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See also: Revision, revisión, and révision



  • enPR: rəvĭzh'ən, rēvĭzh'ən, IPA(key): /rəˈvɪ.ʒ(ə)n/, /riˈvɪ.ʒ(ə)n/
  • (file)
  • Rhymes: -ɪʒən

Etymology 1[edit]

Borrowed from French révision, from Latin revīsiō.


revision (countable and uncountable, plural revisions)

  1. (uncountable) The process of revising:
    1. The action or process of reviewing, editing and amending.
      • 2002, James D. Lester, James D. Lester, Jr, Writing Research Papers, page 195:
        Revision can turn a passable paper into an excellent one and change an excellent one into a radiant one.
      • 2004, Mara Kalnins (editor), Note on the Text, Joseph Conrad, Victory: An Island Tale, page xxxix,
        The full history of its composition, revision, transmission, and publication is a complex and intricate one beyond the necessarily limited scope of this Note, [] .
      • 2010, Dov M. Gabbay, Franz Guenthner, editors, Handbook of Philosophical Logic, volume 16, page 37:
        Many formalisms for belief revision use extraneous mechanisms for deciding what beliefs to keep and this makes it harder to iterate the process.
    2. (UK, Australia, New Zealand) The action or process of reviewing something previously learned, especially one′s notes in preparation for a test or examination.
      All that last minute revision really paid off in the exam! I got top marks!
      • 2008, Philip A. Kalra, editor, Essential Revision Notes in Medicine for Students[1], volume 1:
  2. (countable) A changed edition, or new version; a modification.
    • 2004, Robert McConnell Productions, Henry M. Robert, Robert′s Rules of Order: Simplified and Applied, page 331:
      The first thing members need to understand about a revision is that the current bylaws are not under consideration at all. If the revision is defeated, no changes to the current bylaws take place.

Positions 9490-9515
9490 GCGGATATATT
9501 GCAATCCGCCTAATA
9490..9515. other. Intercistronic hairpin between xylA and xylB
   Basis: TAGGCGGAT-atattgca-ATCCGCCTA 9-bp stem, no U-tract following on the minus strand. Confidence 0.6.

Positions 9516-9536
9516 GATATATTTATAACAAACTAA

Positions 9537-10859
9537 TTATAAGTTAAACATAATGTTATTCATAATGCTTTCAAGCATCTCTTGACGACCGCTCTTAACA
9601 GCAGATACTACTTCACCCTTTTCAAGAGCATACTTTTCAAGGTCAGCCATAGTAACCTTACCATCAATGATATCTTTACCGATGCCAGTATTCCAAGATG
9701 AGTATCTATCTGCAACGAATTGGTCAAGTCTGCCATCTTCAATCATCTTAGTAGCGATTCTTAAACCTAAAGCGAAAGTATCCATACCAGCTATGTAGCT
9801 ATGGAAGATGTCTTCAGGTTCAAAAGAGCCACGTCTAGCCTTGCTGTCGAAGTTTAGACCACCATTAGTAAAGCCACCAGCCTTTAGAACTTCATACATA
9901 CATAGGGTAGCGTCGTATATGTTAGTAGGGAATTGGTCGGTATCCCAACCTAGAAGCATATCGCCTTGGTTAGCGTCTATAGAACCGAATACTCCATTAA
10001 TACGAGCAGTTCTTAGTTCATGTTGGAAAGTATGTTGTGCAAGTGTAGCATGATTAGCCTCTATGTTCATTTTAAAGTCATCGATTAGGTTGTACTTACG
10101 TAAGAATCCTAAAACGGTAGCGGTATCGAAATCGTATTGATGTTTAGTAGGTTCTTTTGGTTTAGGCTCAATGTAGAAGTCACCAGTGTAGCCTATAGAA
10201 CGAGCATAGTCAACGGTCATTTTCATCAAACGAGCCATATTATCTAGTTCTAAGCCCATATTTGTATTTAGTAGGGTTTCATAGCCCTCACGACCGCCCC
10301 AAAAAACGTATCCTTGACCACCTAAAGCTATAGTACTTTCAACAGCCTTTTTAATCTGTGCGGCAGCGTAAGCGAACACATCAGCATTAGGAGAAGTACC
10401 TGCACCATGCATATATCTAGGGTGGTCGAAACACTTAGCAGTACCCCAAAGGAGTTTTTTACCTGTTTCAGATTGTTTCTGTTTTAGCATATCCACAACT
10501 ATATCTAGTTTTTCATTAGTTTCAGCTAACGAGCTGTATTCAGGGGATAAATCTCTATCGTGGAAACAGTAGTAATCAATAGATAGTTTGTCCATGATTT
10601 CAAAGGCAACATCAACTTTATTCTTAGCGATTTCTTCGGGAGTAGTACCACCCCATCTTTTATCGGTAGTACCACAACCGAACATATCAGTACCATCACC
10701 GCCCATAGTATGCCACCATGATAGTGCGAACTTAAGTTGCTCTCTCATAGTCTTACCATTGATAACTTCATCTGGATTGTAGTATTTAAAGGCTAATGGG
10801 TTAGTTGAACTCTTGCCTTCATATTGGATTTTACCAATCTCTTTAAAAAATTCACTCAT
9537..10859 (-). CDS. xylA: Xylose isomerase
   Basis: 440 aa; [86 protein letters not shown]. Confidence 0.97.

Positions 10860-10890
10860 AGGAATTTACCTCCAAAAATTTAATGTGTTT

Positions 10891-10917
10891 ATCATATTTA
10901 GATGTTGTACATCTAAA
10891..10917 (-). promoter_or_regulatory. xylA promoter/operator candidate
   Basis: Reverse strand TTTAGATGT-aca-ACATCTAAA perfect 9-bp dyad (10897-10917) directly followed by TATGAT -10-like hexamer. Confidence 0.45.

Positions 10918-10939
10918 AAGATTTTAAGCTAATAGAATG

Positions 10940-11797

• 1992, Helen Baron, Carl Baron (editors), Introduction, The Cambridge Edition of the Works of D. H, Lawrence: Sons and Lovers, Part 1, 2002 paperback edition, Cambridge University Press, page lxxx,
      However, it is evident in a minority of cases that a revision by Lawrence is prompted solely by the need to remedy some local effect caused by Garnett′s deletion, and there, clearly, Lawrence′s MS text is, in principle, to be preferred.
    • 2008, World Bank, page 209,
      Previous editions of World Development Indicators used revision 2, first published in 1948. Revision 3 was completed in 1989, and many countries now use it. But revision 2 is still widely used for compiling cross-country data.
    • 2012, Bill Fane, David Byrnes, AutoCAD 2013 For Dummies, page 189:
      Include the revision number. You may need to add a triangle and number, shown in Figure 9-6, to indicate the revision number.
  3. (countable) A story corrected or expanded by a writer commissioned by the original author.
    A revision story
  • (UK, Australia, New Zealand: reviewing something previously learned): review (US)
Derived terms[edit]
Related terms[edit]

Etymology 2[edit]

From re- +‎ vision.


revision (third-person singular simple present revisions, present participle revisioning, simple past and past participle revisioned)

  1. To provide with a new vision.
    What philosophy needs is to be revisioned with a more hopeful, engaged inspirational point of view.
    • 1991 April 19, Michael Bronski, “Overtly Gay”, in Gay Community News, page 16:
      Earlier plays of the Broadway comedy genre focused on assimilation [] By re-imagining and re-visioning classic Broadway comedy as a parable of gay growth, Allen has illuminted [sic] the original style and given us something new that is both fresh and funny.





  1. genitive singular of revisio




revision c

  1. an audit
  2. a revision (change)


Declension of revision 
Singular Plural
Indefinite Definite Indefinite Definite
Nominative revision revisionen revisioner revisionerna
Genitive revisions revisionens revisioners revisionernas

Related terms[edit]